Metrobus Begins Reduced Service Due to COVID Surge, Staff Shortages

Metrorail will continue to operate as normal

NBC Universal, Inc.

Metro is now reducing bus service as part of a series of measures to combat the spread of COVID-19, amid a dramatic surge in cases in the D.C. area and a shortage of workers.

The transit agency announced the changes last week. They went into effect Monday.

Metrobus service on weekdays is now operating on a Saturday schedule, although some routes will have additional trips.

The agency said these actions are needed due to growing “absenteeism rates” among employees linked to COVID-19 illness and exposure.

“Scaling back service will ensure customers who rely on Metrobus, Metrorail and MetroAccess for transportation have a more reliable schedule,” Metro General Manager Paul Wiedefeld said in a release last week.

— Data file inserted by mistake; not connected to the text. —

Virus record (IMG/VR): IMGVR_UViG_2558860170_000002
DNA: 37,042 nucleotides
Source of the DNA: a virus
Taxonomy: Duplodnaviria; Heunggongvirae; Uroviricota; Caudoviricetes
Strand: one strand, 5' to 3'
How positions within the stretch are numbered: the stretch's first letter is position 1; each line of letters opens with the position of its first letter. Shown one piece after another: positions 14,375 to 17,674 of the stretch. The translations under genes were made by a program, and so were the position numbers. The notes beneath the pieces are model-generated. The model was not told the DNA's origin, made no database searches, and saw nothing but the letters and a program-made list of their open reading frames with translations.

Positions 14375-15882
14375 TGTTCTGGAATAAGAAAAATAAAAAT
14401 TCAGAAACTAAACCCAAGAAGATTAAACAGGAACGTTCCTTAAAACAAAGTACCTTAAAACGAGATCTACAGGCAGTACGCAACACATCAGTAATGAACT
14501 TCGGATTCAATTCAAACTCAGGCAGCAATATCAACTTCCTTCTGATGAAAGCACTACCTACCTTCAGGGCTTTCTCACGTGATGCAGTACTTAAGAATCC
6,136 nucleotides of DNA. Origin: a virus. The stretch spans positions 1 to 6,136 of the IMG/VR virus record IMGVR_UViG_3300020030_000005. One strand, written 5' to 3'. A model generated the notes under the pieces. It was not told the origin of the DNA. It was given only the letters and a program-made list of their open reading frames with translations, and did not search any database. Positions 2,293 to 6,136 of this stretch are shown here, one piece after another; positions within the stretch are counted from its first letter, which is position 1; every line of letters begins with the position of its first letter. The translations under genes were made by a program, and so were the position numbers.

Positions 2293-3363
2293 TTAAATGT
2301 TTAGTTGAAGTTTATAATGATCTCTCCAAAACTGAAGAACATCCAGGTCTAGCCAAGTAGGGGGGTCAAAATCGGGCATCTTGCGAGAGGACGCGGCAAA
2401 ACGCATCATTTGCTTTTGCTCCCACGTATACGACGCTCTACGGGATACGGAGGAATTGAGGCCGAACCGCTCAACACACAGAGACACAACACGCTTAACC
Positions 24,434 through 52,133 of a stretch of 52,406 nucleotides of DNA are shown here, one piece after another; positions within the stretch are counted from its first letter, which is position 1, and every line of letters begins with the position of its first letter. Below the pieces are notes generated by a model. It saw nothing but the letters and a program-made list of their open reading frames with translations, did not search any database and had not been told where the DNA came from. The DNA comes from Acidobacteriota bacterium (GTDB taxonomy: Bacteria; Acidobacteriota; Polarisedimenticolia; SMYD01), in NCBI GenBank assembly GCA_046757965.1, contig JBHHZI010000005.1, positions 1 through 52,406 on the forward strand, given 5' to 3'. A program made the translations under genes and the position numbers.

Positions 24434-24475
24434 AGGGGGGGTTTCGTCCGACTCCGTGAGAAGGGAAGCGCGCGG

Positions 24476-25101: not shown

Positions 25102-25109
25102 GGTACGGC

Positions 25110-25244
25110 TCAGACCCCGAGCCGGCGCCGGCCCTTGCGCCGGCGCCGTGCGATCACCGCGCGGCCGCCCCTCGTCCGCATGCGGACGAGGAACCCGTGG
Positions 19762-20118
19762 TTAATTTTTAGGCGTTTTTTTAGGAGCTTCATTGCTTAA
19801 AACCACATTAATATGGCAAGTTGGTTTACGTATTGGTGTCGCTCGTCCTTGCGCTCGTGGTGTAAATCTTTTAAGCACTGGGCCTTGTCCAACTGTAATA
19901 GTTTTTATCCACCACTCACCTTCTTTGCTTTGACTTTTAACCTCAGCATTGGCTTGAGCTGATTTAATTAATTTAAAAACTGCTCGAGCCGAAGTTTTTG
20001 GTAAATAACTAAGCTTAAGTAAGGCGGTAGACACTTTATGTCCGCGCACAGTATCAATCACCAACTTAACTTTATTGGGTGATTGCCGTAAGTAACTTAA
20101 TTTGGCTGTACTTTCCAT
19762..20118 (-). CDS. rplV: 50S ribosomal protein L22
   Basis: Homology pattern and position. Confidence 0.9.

“Metro employees live in some of the neighborhoods hardest hit by the pandemic and are exposed to the surge in the region and throughout the nation," he said.

In addition, bus drivers will be allowed to bypass maskless riders, and customer service center operators will work remotely.

WMATA encouraged Metrobus customers to consider "alternative sources of transportation" to move across the region, such as Metrorail.

Metrorail will continue to operate as normal.

Unvaccinated employees are required to meet weekly testing requirements, the transit agency said. Those who don't adhere to the agency’s testing and vaccination policies will be placed on unpaid leave until they comply. They’ll have 30 days to do so or be subject to termination of employment, Metro said.

Employees will have to report their booster shot information by Jan. 31 as part of their fully vaccinated status.

Contact Us